Can we all agree that things should not be whitewashed anymore?

CREDIT: @RITucker_23 / Twitter

Just stop. It is not a good look on anyone. Either those whitewashing seem insensitive or the ones who are upset seem unjustly angry. It needs to end.

Leave things as they are and use the real names.

CREDIT: @LaNinaFresa / Twitter

If we, the Latinx community, can learn the difference between brioche and sourdough, you can learn what a concha is.

It really will be better for everyone if we just respect each others cultures.

CREDIT: @takesomeheart / Twitter

It is not that hard to respect each other and our foods. That’s what this how thing is about.

While the publication stayed silent, the woman who runs their social media channels did apologize.

CREDIT: @meg__clark / Twitter

At least someone at Food and Wine was big enough to admit their mistake.


READ: Rogelio De La Vega Is Killing The Game On Twitter And You Just Have To See For Yourself

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Moms Are Sharing Videos Of How To Make Their Comida For Their College-Bound Kids After A Mom’s Burrito-Folding Video Went Viral

Culture

Moms Are Sharing Videos Of How To Make Their Comida For Their College-Bound Kids After A Mom’s Burrito-Folding Video Went Viral

Michelle Gonzaes / YouTube

Last week, California Polytechnic State University student, April Olvera posted a video sent to her by her mamá, and the video went viral, already wracking up nearly ten million views, and nearly one million likes in less than seven days.

Olvera, away at college, texted her mom, Silvia Dominguez, to say that she didn’t know how to fold a burrito, and her mom sent her a video that contained a soothing video-folding lesson.

While some couldn’t help but wonder why Olvera didn’t know how to fold a burro, her mamí’s special brand of cariño shown in the forty-second burrito-folding lesson was the focus of the comments that followed.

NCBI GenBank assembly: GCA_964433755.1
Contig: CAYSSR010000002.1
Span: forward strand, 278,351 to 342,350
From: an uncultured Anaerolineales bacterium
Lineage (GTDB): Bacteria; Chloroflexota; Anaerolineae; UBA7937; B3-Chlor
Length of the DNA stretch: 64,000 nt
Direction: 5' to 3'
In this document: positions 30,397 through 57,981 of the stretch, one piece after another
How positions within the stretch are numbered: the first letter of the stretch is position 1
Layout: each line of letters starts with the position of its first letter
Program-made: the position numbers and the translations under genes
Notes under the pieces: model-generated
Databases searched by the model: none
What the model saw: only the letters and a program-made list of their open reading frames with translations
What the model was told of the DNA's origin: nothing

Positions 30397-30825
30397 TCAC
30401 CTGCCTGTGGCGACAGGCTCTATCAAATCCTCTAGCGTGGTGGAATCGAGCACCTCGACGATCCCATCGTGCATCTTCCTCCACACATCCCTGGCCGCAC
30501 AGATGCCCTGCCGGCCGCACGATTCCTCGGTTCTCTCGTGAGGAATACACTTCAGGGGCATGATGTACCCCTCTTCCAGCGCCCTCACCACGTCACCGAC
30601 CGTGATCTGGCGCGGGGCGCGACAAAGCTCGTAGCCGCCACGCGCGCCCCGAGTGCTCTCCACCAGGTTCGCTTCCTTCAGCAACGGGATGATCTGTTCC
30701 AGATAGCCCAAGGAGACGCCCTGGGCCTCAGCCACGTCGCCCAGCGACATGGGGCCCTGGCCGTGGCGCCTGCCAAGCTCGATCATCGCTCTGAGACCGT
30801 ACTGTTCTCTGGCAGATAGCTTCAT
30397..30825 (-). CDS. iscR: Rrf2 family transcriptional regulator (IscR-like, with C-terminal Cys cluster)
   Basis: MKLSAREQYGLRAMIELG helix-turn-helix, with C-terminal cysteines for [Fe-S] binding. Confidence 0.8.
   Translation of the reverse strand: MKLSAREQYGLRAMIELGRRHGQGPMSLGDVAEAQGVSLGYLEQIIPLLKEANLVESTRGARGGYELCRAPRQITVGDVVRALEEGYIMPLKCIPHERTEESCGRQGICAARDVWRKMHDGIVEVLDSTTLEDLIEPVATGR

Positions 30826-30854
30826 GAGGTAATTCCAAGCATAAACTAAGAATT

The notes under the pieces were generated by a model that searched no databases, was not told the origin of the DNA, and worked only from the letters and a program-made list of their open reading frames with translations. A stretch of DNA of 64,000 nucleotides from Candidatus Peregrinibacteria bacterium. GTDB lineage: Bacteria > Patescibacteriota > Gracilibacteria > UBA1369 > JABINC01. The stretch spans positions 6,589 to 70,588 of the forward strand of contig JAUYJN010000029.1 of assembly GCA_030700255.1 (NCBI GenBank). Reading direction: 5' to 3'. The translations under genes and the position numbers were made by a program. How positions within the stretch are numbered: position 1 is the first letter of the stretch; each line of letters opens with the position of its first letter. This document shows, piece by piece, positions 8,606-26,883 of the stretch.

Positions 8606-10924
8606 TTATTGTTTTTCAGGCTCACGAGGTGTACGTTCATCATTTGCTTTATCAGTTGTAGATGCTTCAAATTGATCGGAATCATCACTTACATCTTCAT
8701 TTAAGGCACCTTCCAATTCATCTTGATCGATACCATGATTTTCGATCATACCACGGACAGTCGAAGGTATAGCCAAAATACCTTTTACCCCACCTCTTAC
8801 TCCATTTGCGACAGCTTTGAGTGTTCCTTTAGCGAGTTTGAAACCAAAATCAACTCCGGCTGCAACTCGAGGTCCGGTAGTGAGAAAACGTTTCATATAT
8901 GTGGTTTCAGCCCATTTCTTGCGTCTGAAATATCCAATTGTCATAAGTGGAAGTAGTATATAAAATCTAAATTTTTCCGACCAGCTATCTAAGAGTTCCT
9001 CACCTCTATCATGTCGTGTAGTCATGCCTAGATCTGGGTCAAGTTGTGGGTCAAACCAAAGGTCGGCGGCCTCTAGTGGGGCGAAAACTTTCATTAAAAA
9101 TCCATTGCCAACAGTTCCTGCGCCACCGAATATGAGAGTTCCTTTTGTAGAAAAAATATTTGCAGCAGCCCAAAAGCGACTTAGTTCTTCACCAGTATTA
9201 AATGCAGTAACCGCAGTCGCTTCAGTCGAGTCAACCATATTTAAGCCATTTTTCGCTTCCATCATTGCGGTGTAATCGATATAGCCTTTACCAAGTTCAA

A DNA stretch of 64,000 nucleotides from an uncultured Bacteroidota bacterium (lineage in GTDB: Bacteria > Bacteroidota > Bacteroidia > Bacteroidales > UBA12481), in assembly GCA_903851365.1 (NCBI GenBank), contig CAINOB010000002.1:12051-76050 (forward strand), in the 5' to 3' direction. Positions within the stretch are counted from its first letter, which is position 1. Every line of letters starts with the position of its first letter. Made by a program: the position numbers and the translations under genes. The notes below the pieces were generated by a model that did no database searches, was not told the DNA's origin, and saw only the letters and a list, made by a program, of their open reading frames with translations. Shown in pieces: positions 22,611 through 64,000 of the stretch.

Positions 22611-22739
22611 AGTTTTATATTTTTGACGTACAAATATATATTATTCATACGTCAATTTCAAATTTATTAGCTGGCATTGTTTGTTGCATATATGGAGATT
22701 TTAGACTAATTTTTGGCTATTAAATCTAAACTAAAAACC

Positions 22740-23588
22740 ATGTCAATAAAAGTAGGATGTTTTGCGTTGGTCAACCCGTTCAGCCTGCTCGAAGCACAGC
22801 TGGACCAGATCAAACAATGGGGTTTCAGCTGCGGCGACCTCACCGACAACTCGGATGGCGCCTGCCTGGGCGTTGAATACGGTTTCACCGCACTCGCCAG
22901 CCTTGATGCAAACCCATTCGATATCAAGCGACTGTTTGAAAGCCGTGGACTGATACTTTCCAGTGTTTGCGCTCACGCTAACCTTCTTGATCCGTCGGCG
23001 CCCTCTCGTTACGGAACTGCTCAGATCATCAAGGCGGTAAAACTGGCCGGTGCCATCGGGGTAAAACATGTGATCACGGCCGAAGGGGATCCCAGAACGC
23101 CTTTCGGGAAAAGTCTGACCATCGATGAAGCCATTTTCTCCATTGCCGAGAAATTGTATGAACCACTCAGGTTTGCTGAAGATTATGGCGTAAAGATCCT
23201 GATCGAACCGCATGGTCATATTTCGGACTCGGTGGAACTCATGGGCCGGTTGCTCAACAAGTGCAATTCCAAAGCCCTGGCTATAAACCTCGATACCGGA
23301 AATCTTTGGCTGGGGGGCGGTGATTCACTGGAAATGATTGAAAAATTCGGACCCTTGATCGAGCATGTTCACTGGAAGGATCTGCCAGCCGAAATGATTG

Other Latinas needed the lesson too!

Twitter

Another Latina Twitter user, couldn’t get over the way Olvera’s mother, Silvia, repeated the lesson.

Twitter

Two guys commented on Olvera’s mom’s soothing voice, but we think @carys_arsenic nailed it.

Twitter

And this guy too who points out Ms. Dominguez’s calm in the face of a world that seems to be coming apart at the seams.

Twitter

When Olvera told her mother that her video went viral and inspired so many positive comments, Dominguez said, “Maybe it’s not the burrito. Maybe it’s about family and love.”

Burrito-folding-lesson mom, Silvia Dominguez, speaks Spanish in the video, smiling the whole time, clearly happy to be able to help her daughter away at college with anything, using her own phone propped up on the counter to capture the lesson.

“Okay,” she says in Spanish, holding up a corn tortilla, “Imagine that this is my flour tortilla. Add what you’re going to use, fold it from this side, fold it from that side, and roll it. Did you see that?

And then she unrolls the burro and repeats the steps: It’s a circle. Fold it here, fold it here, and roll it. Nice! Okay, bye. I love you.”

We also like how Burrito-Folding-Lesson Mom is even helping grown-ass men.

Twitter
@rsencion
Twitter

And because imitation is the most sincere form of flattery, here’s a video made by the author for her son on his way to college in the fall.

Watch the video below.

READ: Yalitza Aparicio Brought Her Mother To The Oscars And Other Incredible Things Latinas Did Last Night

McDonald’s Now Has Quarter Pounder Scented Candles That You Definitely Didn’t Ask For

Culture

McDonald’s Now Has Quarter Pounder Scented Candles That You Definitely Didn’t Ask For

Celin/ Pinterest

You know that friend whose car always smells like the food they ate the night before? You know the one, it’s the same friend who also has a collection of takeout Wendy’s, Taco Bell and McDonald bags shoved into the pocket of their backseats. Well now, you too can be that friend. Thanks to McDonald’s you can make literally anywhere smell like oily takeout.

McDonald’s announced this week that it will make a six-pack of scented candles that will smell like your favorite Quarter Pounder ingredients.

McDonald's six candles come in all the scents you'd expect.

Anyone familiar with the key ingredients in the beloved QP knows these scents include bun, ketchup, pickles, cheese, beef, and ooh baby onions. In honor of the Quarter Pounder’s 50th birthday, McDonald’s is also releasing a line of merchandise that includes calendars, lockets, mittens, shirts, and pins.

Draw up a romantic bath for you and yours that smells like an oily stove and pickles by getting the items here on the McDonald’s fan club website.